Glass. It's staggering that such a simple material is at the core of so many complex decisions facing facility managers at schools and universities. From old “standbys” such as vandalism, to ever-changing building codes, to protection against classroom violence and even terrorism, glass has become a vital component of every educational institution's design and planning.
Although glass presents many potential problems for schools, it plays a vital role in supplying a building with natural light, which can benefit student performance and well-being. So the question for facilities managers is how to select the proper window systems for their particular schools.
Student safety is a primary concern. Classroom violence, industrial accidents and external threats are top-of-mind concerns for parents and administrators. Central to these hazards is glass. The federal government says that flying glass shards are the No. 1 cause of injury during a blast or storm. Yet, given budgetary constraints, schools find it cost-prohibitive to replace existing windows in high-risk areas with tempered glass.
Keeping people safe
One cost-effective solution is safety glass film. Such films are being used in many of the world's most recognized commercial and government buildings. Retrofitted on existing windows, these laminates can improve glass safety significantly by binding shattered glass together should a window break as a result of a storm, accident or attack.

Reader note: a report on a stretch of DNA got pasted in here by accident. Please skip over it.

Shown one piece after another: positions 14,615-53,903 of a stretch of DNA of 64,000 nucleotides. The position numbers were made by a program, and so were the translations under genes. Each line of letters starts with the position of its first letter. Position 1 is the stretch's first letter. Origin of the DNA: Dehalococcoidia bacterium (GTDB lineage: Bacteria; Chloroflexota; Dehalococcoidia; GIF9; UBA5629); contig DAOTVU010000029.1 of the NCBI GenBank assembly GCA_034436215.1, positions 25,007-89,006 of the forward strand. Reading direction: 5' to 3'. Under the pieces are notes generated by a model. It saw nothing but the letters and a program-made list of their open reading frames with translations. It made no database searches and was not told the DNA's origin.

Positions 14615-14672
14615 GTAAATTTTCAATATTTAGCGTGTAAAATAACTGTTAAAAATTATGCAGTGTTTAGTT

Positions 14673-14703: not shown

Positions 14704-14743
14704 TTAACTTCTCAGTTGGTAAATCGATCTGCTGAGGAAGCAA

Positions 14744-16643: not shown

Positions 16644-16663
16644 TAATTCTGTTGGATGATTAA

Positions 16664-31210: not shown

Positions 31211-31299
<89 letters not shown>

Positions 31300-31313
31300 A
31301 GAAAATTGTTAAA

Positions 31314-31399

Schools and universities may be able to lower their insurance premiums by installing safety films.
As any member of a building-management team knows, vandalism is more than a nuisance. It also drains budgets. Replacing broken, scratched or otherwise marked windows is costly and time-consuming. Retail stores that emphasize aesthetics have turned to anti-graffiti glass films to help combat vandalism. An anti-graffiti film is a thin, transparent material that is applied to the exterior surface of windows. Should a vandal strike, only the layer of inexpensive film needs to be replaced, not an entire window or door.